WICKER PARK — The groups of scruffy homeless people who hop freight trains to get around the country and flock to Wicker Park's namesake park every summer have mostly left town as it gets colder, though one man says he plans to stay behind.
"I think I'm retiring from traveling. I don't want to do it anymore. I'm over it," said Gregory James Spence, a 38-year-old artist originally from Jefferson Park who says he's been hopping freight trains on and off for 11 years.
He said he will look for a job and possibly crash with friends, including one who lives on the South Side.
Ticking off the friends that have died from heroin overdoses — Dane, Timmy, a guy named Rodent, another traveler whose name escapes him — Spence said the lifestyle is getting riskier because of tainted drugs.
"I don't do heroin. I drink beer and sometimes smoke pot but the heroin dealers want to make more money. They're lacing it; that's why people are dying," Spence said.
Last month, Brice J. Allen, a 27-year-old traveler believed to be from Washington, died of an apparent heroin overdose in the same week Chicago Fire Department officials reported 72 overdoses within three days from a batch of heroin laced with the pain killer fentanyl.
"He said he had to go to the bathroom. We didn't see him for a while and his girl said he was in the porta-potty. I didn't know he was doing heroin," Spence said.
Shakespeare District police said Allen was still alive when he was pulled from the park at 1464 N. Wicker Park Ave. and later died around 9 p.m. Oct. 4 at a Presence St. Mary Hospital.
Brice Allen was last seen alive by his friends when he was pulled out of a portable washroom in Wicker Park. [DNAinfo/Alisa Hauser]
Spence said he and other friends could not get any details from the hospital about Allen's condition because they were not family.
Allen was initially listed as a homeless person of unknown address on the police report, but Becky Schlikerman, a spokeswoman for Cook County morgue, said next of kin was located.
Schlikerman was unable to provide further details on Allen's death but said it takes weeks for toxicology results to be available.
Known for his mutton chops, Spence said Allen "was really good at traveling and talking to people and not being offensive in any way."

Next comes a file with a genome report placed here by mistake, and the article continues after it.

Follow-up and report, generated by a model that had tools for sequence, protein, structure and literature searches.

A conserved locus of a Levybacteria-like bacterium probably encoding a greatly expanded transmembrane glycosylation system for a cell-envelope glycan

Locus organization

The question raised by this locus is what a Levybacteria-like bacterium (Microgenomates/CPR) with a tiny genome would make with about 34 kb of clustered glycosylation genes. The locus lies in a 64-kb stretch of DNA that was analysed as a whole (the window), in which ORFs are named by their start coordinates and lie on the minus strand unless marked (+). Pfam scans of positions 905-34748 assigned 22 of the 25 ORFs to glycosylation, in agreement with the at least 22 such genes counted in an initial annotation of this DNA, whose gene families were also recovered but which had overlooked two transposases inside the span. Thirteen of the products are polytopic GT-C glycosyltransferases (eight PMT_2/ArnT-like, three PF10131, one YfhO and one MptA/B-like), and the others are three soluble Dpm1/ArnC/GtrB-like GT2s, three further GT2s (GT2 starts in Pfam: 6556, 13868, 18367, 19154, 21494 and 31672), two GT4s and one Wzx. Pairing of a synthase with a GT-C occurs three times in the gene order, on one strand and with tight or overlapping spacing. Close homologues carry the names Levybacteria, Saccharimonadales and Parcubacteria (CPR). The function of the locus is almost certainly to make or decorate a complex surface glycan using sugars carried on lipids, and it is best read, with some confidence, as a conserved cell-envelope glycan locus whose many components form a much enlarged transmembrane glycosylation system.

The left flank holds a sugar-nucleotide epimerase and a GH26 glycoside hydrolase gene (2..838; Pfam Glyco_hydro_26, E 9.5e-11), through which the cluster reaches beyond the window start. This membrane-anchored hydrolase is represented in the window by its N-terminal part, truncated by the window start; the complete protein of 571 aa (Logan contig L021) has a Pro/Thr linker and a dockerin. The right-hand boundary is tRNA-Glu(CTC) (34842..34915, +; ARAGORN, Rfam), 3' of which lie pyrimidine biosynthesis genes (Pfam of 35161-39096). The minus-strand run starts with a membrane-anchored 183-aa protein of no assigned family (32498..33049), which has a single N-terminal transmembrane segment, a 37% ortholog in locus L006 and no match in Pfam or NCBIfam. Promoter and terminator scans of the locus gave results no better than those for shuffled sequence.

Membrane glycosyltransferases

Spence, who also panhandles, acknowledges that some of the travelers or "gutter punks" can get aggressive with requests for money.
In past summers, Ald. Joe Moreno (1st) has derisively called them "selectively homeless" and cited problems with fighting, drinking and drug use.
Daniel Caldwell, 26, who goes by the name "Piss" and has been traveling for nine years, left Chicago on Monday along with 22-year-old Keenan Peters. Both men, who got a ride to Indiana in a friend's van, spent most of their summer in Wicker Park.
"Brice [Allen] was the most eccentric loving person ever. He would have your back in any split second," said Caldwell, who met Allen five years ago.
"I met him in New York City, just hanging out getting drunk and partying," Caldwell said. "He was the ultimate hobo. He was invincible. He would tear his shirt off like Hulk Hogan. I told him I wouldn't give him any more shirts because he kept ripping them."
When asked how he felt about Allen's death, Peters said, "You can't not be sad [about it]. He did too much. He was so sad and by himself."
Late Sunday, the park was emptier than usual with many of the transients no longer there.
Marcus Faletti, who has been homeless for decades and refuses to seek indoor shelter even when the weather gets dangerously cold, said he is happy the seasonal "gutter punks" have left.
"I don't miss them. I can't get to their mindset," Faletti said. "I just see them come and go. When weather good, they are here. When weather bad, they move."
Spence's younger brother John Schutz, 31, lives in Addison.
"We don't really hear from him very often. We hope he is OK. I feel like I find out how he is when he is in an accident and gets hurt," Schutz said of his older brother.
When asked how he feels about Spence's plans to "retire" and stay in Chicago, Schutz said, "I hope it's true. He has said that quite often and it doesn't really happen. He is my only brother. I am worried about him."
(l.) Brice J. Allen and Daniel Caldwell. [Daniel Caldwell/Facebook]
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